There's no need to make a big deal about leaving every gathering you attend. Just leave -- it's fine.
Last week, the entire US Lifehacker staff convened in New York City. Our writers travelled from all over the US to come together as a team, bond over meals, ignore my efforts at team-building exercises (no one wanted to do trust falls), and share their thoughts and wishes for Lifehacker's future. And while we had everyone in one place, we brought them into the studio to answer your etiquette questions.
What Is an Irish Goodbye?
The "Irish goodbye" or "French exit" -- not be confused with "ghosting" -- is the act of leaving an event without actually telling everyone that you're leaving. You just go. Sound rude? It isn't.
To understand the Irish goodbye, you have to understand why it came to be. As Cahir O'Doherty explains at Irish Central, Irish goodbyes are simply the opposite of "Irish welcomes". You see, the Irish are famous for being extremely hospitable. So hospitable, in fact, it can be a bit overwhelming. You're offered something to drink, something to eat, and constantly being taken care of. This kind of hospitality translates to an extremely long farewell, like this example:
Are you leaving us? Ah, you're leaving us. Would you like a cup of tea? Would you like a biscuit? There are leftovers. I have Tupperware and tinfoil, sure we'll put it in that. It's no trouble. And a custard cream. We'll put it in the bag, sure. No, we'll put it in your pocket. Say nothing. And take this and this and this and this and this and this and this. And let me hold your coat. Is this your coat? Is this -- or this -- or this -- or this -- or this -- or this your coat? Look-it, it's raining. Stay until it stops raining. I am not letting you go and it's raining...
So, when you think about it, Irish goodbyes aren't rude -- they're actually pretty considerate. You're sparing your host the trouble of giving you a long farewell, you're not interrupting people's conversations with an egotistical "Goodbye everyone! Stop what you're doing and look at me!", and you avoid wasting anyone's time making plans you'll never follow through with. Besides, nobody cares if you leave. The party will go on without you.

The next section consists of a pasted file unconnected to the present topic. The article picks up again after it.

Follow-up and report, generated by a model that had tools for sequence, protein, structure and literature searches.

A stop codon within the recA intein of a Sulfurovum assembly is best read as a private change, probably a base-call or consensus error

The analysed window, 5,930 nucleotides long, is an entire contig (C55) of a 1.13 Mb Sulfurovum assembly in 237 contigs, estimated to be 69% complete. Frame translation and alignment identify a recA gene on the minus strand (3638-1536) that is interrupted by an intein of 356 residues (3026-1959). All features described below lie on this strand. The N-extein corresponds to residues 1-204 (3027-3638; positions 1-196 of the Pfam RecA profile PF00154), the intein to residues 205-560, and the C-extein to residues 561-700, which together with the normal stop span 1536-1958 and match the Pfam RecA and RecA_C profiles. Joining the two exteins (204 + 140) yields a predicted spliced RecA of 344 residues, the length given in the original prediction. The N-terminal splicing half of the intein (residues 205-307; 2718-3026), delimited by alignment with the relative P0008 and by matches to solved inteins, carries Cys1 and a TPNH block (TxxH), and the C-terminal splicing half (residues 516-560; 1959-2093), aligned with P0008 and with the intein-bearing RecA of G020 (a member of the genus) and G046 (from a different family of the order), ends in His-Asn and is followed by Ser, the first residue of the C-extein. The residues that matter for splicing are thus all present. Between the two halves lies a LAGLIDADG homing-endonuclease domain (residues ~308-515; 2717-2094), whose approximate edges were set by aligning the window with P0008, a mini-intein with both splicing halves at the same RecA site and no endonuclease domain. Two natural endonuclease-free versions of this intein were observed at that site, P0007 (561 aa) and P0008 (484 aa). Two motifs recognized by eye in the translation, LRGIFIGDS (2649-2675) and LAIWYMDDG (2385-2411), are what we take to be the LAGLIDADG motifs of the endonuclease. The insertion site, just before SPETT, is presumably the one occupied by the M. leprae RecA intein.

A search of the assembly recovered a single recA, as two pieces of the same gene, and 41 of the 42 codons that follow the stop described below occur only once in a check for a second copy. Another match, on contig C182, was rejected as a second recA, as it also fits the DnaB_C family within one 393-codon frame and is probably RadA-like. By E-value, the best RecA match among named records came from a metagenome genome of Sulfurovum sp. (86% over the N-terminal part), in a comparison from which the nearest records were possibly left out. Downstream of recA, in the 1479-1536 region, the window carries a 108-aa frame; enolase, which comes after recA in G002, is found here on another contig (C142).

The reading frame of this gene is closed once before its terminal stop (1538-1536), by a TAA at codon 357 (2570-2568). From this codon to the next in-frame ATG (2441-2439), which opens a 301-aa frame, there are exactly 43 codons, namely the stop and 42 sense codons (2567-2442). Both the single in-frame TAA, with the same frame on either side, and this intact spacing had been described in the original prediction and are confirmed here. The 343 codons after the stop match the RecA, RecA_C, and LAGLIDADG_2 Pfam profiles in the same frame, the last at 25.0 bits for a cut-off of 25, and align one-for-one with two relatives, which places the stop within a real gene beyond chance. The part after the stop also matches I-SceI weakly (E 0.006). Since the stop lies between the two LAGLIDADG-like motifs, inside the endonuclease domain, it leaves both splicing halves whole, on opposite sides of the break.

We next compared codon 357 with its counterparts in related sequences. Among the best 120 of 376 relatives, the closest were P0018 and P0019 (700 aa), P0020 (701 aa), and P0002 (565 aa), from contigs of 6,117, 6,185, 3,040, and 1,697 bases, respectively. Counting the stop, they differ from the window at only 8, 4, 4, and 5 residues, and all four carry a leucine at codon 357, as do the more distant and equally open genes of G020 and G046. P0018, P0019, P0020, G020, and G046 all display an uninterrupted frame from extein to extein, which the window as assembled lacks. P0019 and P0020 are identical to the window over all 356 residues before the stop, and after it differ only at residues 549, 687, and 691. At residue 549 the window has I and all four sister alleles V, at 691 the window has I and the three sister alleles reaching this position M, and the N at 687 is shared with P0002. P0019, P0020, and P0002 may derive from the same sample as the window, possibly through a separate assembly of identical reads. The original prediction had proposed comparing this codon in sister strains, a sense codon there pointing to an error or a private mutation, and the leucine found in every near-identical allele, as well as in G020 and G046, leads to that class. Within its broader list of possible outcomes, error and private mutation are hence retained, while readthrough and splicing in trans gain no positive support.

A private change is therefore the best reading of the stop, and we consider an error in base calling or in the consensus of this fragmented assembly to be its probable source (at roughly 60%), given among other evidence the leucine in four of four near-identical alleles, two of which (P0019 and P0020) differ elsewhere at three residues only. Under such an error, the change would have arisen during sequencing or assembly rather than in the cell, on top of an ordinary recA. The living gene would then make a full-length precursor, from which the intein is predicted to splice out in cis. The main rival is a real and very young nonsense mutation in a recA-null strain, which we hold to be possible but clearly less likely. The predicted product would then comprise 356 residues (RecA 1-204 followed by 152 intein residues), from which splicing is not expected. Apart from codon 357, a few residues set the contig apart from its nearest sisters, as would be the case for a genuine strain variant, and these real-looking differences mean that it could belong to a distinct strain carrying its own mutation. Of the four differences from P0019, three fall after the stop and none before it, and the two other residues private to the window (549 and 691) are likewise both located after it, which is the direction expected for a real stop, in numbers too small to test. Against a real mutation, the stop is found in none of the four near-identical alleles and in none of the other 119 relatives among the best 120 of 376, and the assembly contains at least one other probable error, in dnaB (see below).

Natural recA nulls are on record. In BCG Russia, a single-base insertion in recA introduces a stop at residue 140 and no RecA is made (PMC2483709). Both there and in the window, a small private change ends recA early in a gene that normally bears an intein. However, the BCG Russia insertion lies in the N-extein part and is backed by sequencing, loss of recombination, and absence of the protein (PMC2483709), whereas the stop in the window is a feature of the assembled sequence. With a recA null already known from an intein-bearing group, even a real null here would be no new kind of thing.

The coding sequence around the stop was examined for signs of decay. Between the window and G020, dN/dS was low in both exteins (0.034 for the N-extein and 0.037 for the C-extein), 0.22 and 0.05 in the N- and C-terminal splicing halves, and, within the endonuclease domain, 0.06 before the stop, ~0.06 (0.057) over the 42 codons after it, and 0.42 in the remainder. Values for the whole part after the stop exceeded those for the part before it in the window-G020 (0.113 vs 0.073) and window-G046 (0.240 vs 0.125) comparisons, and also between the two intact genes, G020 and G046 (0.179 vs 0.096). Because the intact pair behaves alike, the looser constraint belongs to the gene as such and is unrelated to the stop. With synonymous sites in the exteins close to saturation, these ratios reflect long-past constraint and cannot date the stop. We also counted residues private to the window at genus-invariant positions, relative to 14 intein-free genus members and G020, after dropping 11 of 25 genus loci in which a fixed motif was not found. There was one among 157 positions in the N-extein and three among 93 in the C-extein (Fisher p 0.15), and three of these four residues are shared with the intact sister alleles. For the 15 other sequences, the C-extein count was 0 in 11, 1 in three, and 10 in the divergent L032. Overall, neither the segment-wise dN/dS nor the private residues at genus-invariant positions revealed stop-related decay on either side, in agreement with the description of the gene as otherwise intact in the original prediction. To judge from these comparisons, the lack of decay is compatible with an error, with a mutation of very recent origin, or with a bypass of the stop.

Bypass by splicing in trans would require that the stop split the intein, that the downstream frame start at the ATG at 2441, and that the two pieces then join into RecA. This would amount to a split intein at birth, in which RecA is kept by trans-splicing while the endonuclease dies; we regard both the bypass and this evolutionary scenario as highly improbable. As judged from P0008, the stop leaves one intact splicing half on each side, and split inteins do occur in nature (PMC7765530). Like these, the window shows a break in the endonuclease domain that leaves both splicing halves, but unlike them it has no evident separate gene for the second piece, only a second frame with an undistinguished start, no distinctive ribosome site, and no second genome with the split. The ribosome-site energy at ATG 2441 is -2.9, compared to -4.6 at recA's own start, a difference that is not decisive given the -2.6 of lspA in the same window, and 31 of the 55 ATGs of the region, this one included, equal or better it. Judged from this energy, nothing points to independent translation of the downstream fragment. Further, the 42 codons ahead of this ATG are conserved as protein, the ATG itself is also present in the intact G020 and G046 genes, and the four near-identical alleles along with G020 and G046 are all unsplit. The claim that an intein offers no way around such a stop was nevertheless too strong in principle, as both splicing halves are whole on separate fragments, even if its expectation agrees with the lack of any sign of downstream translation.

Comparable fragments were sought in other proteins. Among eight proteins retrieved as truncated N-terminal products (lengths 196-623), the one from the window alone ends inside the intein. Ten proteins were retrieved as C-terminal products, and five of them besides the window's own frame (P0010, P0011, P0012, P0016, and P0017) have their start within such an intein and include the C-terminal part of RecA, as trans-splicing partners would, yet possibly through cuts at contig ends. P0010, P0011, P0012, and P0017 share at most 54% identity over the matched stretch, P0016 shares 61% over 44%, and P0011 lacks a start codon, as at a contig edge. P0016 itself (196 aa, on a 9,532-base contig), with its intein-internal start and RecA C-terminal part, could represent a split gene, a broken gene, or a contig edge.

Making plans is hard, especially when you're making them with a chronic flaker. There are ways to politely cancel plans, but what if the person you're making plans with repeatedly doesn't show up? To save you time and frustration, MEL Magazine gave some advice on dealing with flaky people.
How to Do an Irish Goodbye Properly
While Irish goodbyes aren't inherently rude, you still have to do them right. Some scenarios aren't meant for the Irish goodbye, for example. They're best used for exiting parties, and perhaps some work events, but probably not when you're visiting grandma or having an intimate dinner with friends. Here's how to do it:
- Plan ahead, if you can: If you know you'll be pulling an Irish goodbye, think about your exit strategy. Don't bring anything you'll need to retrieve before you leave, like coats, plates, games and so on. And make sure you pay your tab first. Don't stick anyone else with the bill.
- Pick an exit: When you're ready to go, look for a route that's out of the way and won't draw attention.
- Let someone know: You don't have to completely disappear for this to work. It's OK to tell a close friend you're taking off so no one starts to worry about you. A text works too.
- Ninja vanish: Disappear into the night and make your way home (or wherever it is you're headed).
If that all still feels too impolite for your tastes, you can always send a thank you email or text the next day. Or make your exit, then send a text once you've gone. They will understand, trust me. And if someone sends you a "Where r u?" text, be nice and respond. And that's it! The Irish goodbye is easy as pie. Now, if you'll excuse me...